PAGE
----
The First Council of Nicea (or Nicaea) convened in AD 325 and issued statements on the Trinity and the divinity of Christ. The Second Council of Nicea (AD 787) was called to definitively settle the issue of the use of images in worship. The use and eventual worship of images had become an issue in the church. Many who worshiped or venerated images claimed it was not the images themselves but the personages that the images represented—Mary, the angels, various saints, etc.—that were being venerated.
For about 300 years, some church leaders had been attempting to stop the veneration of images, while others encouraged it. The Roman Emperors Leo III and his son Constantine V had tried to stop the practice, but they were opposed by church leaders who sanctioned the practice. The Second Council of Nicea was called to decide the issue.
Those who opposed the use of images did so on the grounds that it violated the Second Commandment: “You shall not make for yourself a carved image, or any likeness of anything that is in heaven above, or that is in the earth beneath, or that is in the water under the earth. You shall not bow down to them or serve them, for I the Lord your God am a jealous God” (Exodus 20:4–5, ESV). Those who encouraged the use of images in worship said that the practice was similar to the worship of the Angel of the Lord in the Old Testament. In using this argument, the advocates assumed that the Angel of the Lord is not a theophany, an actual appearance of God, but simply a messenger that represents God and accepts worship on His behalf.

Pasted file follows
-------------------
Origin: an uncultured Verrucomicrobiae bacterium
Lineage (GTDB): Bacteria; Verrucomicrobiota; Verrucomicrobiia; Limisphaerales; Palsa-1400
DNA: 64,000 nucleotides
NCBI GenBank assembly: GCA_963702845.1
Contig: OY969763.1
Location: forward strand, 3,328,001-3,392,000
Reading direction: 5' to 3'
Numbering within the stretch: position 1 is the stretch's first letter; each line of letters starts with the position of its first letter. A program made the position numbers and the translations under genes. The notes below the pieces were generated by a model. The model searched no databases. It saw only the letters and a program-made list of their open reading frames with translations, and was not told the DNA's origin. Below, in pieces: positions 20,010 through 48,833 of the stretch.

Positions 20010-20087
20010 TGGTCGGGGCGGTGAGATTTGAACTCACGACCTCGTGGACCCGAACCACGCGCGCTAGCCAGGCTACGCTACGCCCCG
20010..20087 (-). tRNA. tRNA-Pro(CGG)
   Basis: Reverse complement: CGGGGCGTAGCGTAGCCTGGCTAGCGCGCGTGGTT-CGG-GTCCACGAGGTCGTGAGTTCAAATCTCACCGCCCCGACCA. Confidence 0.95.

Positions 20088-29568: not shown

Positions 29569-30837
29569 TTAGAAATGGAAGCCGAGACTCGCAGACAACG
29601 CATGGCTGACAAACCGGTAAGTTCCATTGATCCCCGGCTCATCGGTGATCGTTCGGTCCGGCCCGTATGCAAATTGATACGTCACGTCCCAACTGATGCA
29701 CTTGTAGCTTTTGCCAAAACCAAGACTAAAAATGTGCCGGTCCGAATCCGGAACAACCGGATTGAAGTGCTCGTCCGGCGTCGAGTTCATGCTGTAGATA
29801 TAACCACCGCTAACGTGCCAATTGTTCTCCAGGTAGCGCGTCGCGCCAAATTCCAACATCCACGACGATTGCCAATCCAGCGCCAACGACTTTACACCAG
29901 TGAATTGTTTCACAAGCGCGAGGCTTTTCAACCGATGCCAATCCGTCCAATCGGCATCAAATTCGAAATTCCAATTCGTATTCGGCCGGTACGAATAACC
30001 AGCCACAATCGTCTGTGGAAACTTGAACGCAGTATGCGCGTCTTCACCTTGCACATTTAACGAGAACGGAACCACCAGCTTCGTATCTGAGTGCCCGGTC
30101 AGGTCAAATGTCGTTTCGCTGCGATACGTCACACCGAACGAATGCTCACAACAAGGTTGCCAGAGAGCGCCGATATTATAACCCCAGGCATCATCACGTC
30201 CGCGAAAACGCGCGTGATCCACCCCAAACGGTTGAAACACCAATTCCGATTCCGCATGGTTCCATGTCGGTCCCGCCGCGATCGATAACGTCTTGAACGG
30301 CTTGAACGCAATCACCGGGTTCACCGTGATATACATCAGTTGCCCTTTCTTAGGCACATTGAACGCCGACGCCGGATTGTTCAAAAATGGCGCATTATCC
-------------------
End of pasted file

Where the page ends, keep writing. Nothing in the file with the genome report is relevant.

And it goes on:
Ultimately, the Second Council of Nicea decided that the use of images was appropriate as long as the worship given to the images and those whom they represent was different from the worship of God. The council made a fine distinction between the worship of images and the worship of God, giving each type of worship a term of its own: proskynesis (“bowing before and venerating”) was the worship of images, and latria was the adoration and worship reserved for God alone.
In doing so, the Second Council of Nicea developed a category of lesser worship that is not found in Scripture. Even if the Angel of the Lord is not an appearance of God Himself but rather a messenger who accepts worship on behalf of God, that is quite a different thing from people crafting images and then worshiping them or, through them, worshiping other created beings such as saints and angels. Today, the Catholic Church teaches three levels of honor or worship: dulia, hyperdulia, and latria.
The Protestant Reformers thoroughly rejected such extrabiblical distinctions in worship and so rejected the decision of the Second Council of Nicea. Churches of the Reformation eliminated the use of any images in the worship of God and also forbade prayers and any kind of worship directed to Mary, saints, or angels—with or without images.